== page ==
By Ben Boulden
Town Branch once flowed along Towson Avenue and crossed Garrison Avenue in the 1000 block. It traveled down what is now (2005) a parking area between a motel and Cisterna Park, then continued on today's North 10th Street for several blocks before turning west toward the river.
Near the bend where Town Branch turned into the street's path, the Bull of the Woods mill once stood. It was a grist mill and cotton gin, and its rival, the Red Mill was on the northwest corner of North 10th and Garrison.
The Red Mill was associated with another long since forgotten site, a deep swimming hole that was popular with children. According to the Fort Smith Times Record, the pond had "many uncanny stories attached to it on account of its reported depths."
Town Branch's disappearing act began in 1890. A storm sewer was built by W.A. Doyle down Towson Avenue.
Doyle also had the contract to pave Garrison Avenue. Unfortunately much of the brick he had bought for the job was rejected by inspectors. The cost of buying more would have made the contract a money loser for Doyle except that he also had won the contract to build the storm sewer. He used the rejected paving brick, superior to the building brick he otherwise would have used, and made up the loss in savings on the sewer project.
Although it isn't known precisely where Doyle ended the storm sewer, on an 1894 map, Town Branch is shown as having a new point of origin somewhere in the vicinity of North I and North J streets.
With the water flow now contained by the brick and incorporated into the early stages of a storm drainage system, property owners were free to bury the stream under dirt and pavement.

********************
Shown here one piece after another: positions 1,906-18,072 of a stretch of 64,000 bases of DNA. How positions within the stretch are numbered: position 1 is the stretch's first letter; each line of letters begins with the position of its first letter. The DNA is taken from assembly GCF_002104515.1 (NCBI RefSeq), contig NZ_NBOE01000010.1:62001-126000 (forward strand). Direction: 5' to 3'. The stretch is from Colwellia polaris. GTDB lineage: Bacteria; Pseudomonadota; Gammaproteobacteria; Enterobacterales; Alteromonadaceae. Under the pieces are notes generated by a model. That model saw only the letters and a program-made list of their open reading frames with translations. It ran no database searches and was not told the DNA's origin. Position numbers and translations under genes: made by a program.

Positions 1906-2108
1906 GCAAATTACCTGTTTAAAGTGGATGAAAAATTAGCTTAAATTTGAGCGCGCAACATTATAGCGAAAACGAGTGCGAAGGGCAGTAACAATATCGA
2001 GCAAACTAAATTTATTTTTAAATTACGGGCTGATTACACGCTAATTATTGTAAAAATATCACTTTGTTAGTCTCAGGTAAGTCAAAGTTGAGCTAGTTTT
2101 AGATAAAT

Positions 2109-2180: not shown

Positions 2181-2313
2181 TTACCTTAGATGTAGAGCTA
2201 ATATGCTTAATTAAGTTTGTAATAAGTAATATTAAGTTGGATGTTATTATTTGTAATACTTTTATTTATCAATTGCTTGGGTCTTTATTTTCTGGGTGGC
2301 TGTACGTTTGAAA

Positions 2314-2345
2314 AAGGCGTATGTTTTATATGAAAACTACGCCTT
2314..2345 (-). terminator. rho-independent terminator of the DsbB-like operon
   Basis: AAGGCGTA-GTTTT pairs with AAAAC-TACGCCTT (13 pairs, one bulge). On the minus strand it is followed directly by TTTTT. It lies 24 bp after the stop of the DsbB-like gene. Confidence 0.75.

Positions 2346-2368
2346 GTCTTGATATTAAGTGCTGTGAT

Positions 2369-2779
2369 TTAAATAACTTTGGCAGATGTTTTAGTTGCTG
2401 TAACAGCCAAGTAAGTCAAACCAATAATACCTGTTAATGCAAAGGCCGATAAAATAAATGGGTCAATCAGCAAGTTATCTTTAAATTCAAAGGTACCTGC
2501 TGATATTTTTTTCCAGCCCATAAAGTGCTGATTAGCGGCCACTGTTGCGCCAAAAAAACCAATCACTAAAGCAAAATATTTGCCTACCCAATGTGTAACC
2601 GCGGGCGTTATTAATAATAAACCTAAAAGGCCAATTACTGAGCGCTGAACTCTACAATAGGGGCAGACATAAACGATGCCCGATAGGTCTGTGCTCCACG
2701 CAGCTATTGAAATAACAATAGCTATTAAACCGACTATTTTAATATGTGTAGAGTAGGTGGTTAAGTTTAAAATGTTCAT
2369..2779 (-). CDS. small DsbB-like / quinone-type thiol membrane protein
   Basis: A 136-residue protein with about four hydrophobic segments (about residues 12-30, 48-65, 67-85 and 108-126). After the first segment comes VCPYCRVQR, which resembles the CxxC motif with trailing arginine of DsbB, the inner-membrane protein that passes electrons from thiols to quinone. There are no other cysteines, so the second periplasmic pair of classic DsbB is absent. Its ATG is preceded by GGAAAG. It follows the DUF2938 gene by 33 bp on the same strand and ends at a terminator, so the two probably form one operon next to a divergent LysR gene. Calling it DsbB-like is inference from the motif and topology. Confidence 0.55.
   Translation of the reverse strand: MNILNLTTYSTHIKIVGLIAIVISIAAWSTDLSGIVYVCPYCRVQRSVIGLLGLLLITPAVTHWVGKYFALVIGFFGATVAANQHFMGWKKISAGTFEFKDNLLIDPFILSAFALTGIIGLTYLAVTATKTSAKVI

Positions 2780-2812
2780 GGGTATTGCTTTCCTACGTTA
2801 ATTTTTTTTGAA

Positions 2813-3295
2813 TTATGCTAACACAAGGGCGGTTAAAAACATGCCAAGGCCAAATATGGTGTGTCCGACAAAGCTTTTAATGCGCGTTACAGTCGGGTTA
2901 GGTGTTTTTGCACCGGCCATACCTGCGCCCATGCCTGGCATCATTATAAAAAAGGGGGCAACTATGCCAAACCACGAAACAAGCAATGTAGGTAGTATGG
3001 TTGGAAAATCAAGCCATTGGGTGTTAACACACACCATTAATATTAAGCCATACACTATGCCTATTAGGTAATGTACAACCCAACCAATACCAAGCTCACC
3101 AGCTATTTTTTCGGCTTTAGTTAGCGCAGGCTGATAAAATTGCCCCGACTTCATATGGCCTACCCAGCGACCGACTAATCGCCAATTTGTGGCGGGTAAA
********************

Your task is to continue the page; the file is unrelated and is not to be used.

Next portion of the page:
Until then, anyone wanting to cross Town Branch had to use one of several bridges that citizens had constructed along it.
In a heavy rain, the stream swelled with water run off from the streets, often causing the bridges to wash out.
At a nearby dance hall one night before 1890, Town Branch flooded so badly that revelers were trapped until dawn. With the sun coming up, the young women were desperate to get home and the young men were anxious to open up the stores on the avenue where they worked. Finally, it was decided that the men would have to wade across, carrying the women piggyback. The Times Record said "there was a brisk market thereafter for evening clothes."
In a strong rainstorm, the section of North 10th Street near Garrison Avenue is sometimes slow to drain. Some local residents have attributed the problem to the stream continuing to work its mischief.
Nevertheless, Doyle's brick storm sewer would reduce the severity of flooding there after 1890. By 1912, the remainder of Town Branch past North I Street was incorporated into an even more ambitious drainage project. Its waters diverted into the growing underground infrastructure of the city; its banks became nothing more than a dry ditch.
On June 7, 1912, the Times Record reported complaints about stagnant pools of water and ponds left behind, but said residents had begun filling in these "mosquito breeding holes" and the waterless gully with "dry garbage." Soon, nearly every trace of Town Branch was gone.